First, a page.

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Welcoming Rachel Jean-Baptiste

Professor Rachel Jean-Baptiste has joined us in July 2023 as The Michelle Mercer and Bruce Golden Family Professorship in Feminist and Gender Studies. A social and legal historian, she works on gender and sexuality in colonial West and Equatorial Africa. She is the author of two books, Multiracial Identities in Colonial French Africa: Race, Childhood and Citizenship (Cambridge University Press, 2023) and Conjugal Rights: Marriage, Sexuality, and Urban Life in Colonial Libreville, Gabon (Ohio University Press, 2014). At Stanford, she will also serve as Faculty Director of the Program on Feminist, Gender, and Sexuality Studies (FGSS).

How did you become interested in African history?

I've always loved all things history, since my undergraduate years.  The courses available to me touched on nearly every corner of the globe - Asia, Latin America, Europe, and the United States.  The gaping hole was Africa. Yet, I wasn't even conscious of this gap until my senior year, when I saw Adwa, a documentary directed by
Haile Gerima, an Ethiopian-American filmmaker.  Using oral, visual, and textual sources, Gerima narrated the 1896 battle in which Ethiopian military forces of varied ethno-language groups defeated Italian forces and mitigated the expansion of colonialism. I was aghast that I never heard of such dynamic histories, and I wanted to learn more.  I applied for and secured a Thomas J. Watson fellowship, with which I traveled to West Africa and Atlantic Europe to explore how the trans-Atlantic slave trade was commemorated in public history and tourism circuits.  Upon my return, I spent a few years working in international health and development organizations in Washington D.C. However, as I did the research for grant proposals of projects that were to take place in Africa , I was struck by the outdated and inaccurate portrayals of African societies in published works that did not match the dynamism and complexities that I witnessed during my Watson Fellowship.  I then decided to pursue a PhD and become a researcher, writer, and teacher of African history, to contribute to more accurate and nuanced knowledge about African pasts.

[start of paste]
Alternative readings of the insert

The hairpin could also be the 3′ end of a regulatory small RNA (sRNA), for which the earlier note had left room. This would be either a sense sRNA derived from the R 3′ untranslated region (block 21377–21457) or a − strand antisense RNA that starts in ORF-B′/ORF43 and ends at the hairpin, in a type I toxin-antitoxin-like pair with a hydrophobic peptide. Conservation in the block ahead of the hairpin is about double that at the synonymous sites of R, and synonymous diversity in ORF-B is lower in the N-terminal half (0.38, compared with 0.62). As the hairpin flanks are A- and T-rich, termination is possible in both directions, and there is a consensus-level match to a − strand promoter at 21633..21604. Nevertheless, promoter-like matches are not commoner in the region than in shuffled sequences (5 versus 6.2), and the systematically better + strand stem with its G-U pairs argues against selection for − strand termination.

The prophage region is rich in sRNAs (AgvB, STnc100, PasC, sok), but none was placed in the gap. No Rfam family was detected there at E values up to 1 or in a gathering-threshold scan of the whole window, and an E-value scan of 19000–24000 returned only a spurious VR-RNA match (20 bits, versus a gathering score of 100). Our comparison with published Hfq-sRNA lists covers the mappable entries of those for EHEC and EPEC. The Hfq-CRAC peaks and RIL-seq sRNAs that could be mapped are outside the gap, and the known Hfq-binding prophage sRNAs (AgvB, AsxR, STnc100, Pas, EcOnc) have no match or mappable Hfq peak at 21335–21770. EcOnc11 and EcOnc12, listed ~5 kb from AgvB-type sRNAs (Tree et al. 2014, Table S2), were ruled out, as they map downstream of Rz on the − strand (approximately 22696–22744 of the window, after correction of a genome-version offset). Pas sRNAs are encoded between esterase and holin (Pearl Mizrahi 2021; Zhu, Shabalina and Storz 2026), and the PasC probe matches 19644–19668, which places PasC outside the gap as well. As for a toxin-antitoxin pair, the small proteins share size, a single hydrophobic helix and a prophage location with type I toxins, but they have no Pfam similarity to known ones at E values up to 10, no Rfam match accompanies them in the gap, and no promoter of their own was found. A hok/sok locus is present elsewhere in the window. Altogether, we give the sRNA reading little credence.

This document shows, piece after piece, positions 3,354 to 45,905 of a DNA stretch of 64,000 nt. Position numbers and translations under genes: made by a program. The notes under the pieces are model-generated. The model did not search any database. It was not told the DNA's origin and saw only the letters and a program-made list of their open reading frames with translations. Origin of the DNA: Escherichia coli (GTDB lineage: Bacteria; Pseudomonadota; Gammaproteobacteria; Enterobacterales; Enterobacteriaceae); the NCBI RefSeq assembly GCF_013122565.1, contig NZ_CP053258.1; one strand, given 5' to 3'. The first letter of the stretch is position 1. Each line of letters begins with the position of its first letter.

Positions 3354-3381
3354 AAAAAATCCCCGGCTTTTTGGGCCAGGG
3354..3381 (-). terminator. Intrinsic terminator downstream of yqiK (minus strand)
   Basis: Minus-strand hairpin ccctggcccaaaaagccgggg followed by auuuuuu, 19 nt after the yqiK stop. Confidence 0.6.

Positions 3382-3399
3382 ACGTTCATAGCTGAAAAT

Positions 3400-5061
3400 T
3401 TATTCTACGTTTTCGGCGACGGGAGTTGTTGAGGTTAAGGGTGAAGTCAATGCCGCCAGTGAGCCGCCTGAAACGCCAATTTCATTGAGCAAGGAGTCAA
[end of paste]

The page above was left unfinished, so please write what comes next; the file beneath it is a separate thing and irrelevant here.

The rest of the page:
Your most recent book unpacks multi-directional processes of racialization in global history. What are some challenges you faced in conducting your research?

I faced several challenges.  One was in even getting access to sources.  For example, the relationships and stories that I explore were ones that colonial states and societies sought to keep hidden.  Therefore, there were files that I had to ask permission to access from French colonial archives or wait until time limits on their availability had passed.  Furthermore, there were moments during which civil unrest and material conditions limited my ability to travel to certain sites in Africa.  For example, the Republic of the Congo had experienced civil conflict for much of the early 2000's and the national archives were closed. When I was finally able to travel there in 2018,  three days after my arrival, part of the archives building fell into a sinkhole which made it impossible to continue to consult records.  Lastly, I was telling the intimate, familial, emotional history of people's lives. I had to be empathetic to how individuals expressed stories of loss, pain, and abandonment, to honor their stories and tell them in a way that respected peoples' wishes for both acknowledgment and privacy, and in ways that confirmed dignity.